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The Invasion Grows More Intense
A Season for Slaughter is the fourth and, thus far, final book in the unfinished War Against the Chtorr series. I've been waiting decades for more and supposedly, substantial portions of the fifth and six books are coming one of these days. Meanwhile, even incomplete, this remains a series worth reading.
This entry contains some of the most memorable scenes in the series. We're given much more insight into the Chtorran ecology and how it interacts with both terrestrial lifeforms and other Chtorran life. This is great stuff and throughout the books, whenever Gerrold delves into the nature of the alien invasion, he really delivers. Unfortunately, I think he overplays his hand a bit with some of the character interaction in this novel, going back to the well of protagonist Jim McCarthy's hair trigger temper and difficulty with relationships a little too often. There's also a relatively long and somewhat heavy-handed lull in the middle of the novel focusing on McCarthy's romantic relationship with "Lizard" Tirelli. It's not the she isn't an interesting character or that the relationship hasn't been developed over the previous 3 books. It's just a little too much of everything and consequently, doesn't quite work. However, the book bounces back from that lull with a vengeance and the final third of the novel contains some of the most disturbing and spectacular scenes to be found in the whole series. Definitely recommended.
Unsettling and Memorable
David Gerrold warns the reader right up front that this novel is didactic and he's not kidding. There's a great deal of moralizing but it's done with purpose. This isn't the strongest book in the series but it may be the most memorable and I think it's the entry in which the series' key themes are most prominent. One of the most interesting aspects of the War Against the Chtorr novels is they're not simply a rip-roarin' military science fiction yarn about humans battling huge, purple alien worms. The series is also about humanity, about change and adaptation. Before it even begins, a substantial portion of the human race has been wiped out by a series of plagues. Everyone remaining is deeply scarred by those events. Faced with an ecological invasion that seems almost unstoppable, humanity's psychological response becomes as important as any scientific or military reaction to the Chtorran threat and that response is varied. We experience it in this series primarily through the protagonist, Jim McCarthy, who is young, thoroughly messed up and often angry, frustrated and confused. His psychological state is well-established in the first two books, as is his vulnerability, and that's crucial to understanding his behavior in this one.
In A Rage for Revenge, Jim finds himself captured, manipulated and indoctrinated into a cult. The cult represents one of the aforementioned adaptations to the alien Chtorran presence. It's an effort to live in harmony with the Chtorran ecology. Gerrold handles this quite well and the chapters involving the cult are both believable and unsettling. The section that follows is unnerving too and the book deals with difficult and uncomfortable themes (including pedophilia) in ways that some readers will find hard to handle. However, when viewed within the larger psychological context described above, I think it works. In other words, we're supposed to feel uncomfortable.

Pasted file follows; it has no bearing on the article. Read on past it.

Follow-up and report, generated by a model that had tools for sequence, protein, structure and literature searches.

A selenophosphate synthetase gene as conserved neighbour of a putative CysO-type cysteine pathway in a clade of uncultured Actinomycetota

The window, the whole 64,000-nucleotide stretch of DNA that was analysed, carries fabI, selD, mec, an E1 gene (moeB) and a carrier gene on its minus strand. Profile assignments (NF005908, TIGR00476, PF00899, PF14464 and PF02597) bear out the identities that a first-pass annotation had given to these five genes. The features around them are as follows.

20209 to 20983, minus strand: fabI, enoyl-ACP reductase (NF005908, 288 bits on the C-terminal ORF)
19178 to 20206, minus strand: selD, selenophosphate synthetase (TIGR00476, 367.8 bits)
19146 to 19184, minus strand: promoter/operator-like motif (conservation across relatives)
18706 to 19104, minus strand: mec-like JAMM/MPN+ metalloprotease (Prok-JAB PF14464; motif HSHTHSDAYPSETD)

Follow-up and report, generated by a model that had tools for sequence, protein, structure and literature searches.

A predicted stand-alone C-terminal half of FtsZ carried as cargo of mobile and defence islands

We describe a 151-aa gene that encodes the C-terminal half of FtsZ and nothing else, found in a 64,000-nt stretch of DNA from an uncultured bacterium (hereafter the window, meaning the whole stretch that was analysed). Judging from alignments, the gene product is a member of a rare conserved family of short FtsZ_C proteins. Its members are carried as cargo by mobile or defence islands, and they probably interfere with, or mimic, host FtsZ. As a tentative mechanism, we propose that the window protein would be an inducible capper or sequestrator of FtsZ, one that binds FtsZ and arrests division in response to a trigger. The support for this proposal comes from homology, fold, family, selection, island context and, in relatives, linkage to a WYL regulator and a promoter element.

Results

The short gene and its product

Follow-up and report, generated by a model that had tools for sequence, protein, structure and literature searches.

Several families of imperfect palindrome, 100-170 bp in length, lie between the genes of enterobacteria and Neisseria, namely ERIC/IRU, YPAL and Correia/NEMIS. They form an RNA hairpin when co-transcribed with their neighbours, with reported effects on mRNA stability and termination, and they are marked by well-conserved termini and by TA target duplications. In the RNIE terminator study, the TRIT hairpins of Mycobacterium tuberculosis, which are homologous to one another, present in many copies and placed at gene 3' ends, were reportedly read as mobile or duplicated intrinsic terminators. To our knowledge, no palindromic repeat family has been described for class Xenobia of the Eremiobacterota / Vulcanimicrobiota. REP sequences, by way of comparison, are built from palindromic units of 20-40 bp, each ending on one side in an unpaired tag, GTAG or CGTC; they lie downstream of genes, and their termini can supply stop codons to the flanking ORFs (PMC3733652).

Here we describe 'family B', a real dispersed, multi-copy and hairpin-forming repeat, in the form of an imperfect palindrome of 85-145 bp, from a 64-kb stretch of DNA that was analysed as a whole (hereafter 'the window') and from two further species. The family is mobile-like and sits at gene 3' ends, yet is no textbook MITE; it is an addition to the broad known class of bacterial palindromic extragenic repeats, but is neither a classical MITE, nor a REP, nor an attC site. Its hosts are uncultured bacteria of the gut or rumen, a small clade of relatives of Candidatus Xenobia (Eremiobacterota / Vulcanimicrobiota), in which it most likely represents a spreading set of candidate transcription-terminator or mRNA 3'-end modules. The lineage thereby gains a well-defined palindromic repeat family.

Much of the aforementioned didacticism involves chapters describing the Mode training, another (and controversial) human response to the invasion, designed to help humanity successfully hold itself together and find a winning strategy.
None of these books are for the timid or easily offended. In addition to the controversial themes mentioned above, this one features dirty limericks at the beginning of every chapter (for reasons explained in the book).
I've read this novel 3 times now and although I don't think it's one of the best books I've ever read, it's certainly among the most memorable. As good as it is in some places, it's didactic nature wears a little and there's an aspect of the story near the end that doesn't quite ring true to me. Nevertheless, I recommend it.
John Pruden's performance is excellent.
A Sequel that's Superb
A Day for Damnation is my favorite book in David Gerrold's excellent-but-unfinished War Against the Chtorr series. Gerrold ramps up the story in this second book, delving more deeply into the nature and diversity of the alien ecology that's invading the planet and into the impact living in a post-apocalypse world is having on the human race. The book features an extended sequence in which the main characters are trapped in something akin to an alien "blizzard" that is among the most memorable sequences I've encountered in decades of reading and listening to science fiction.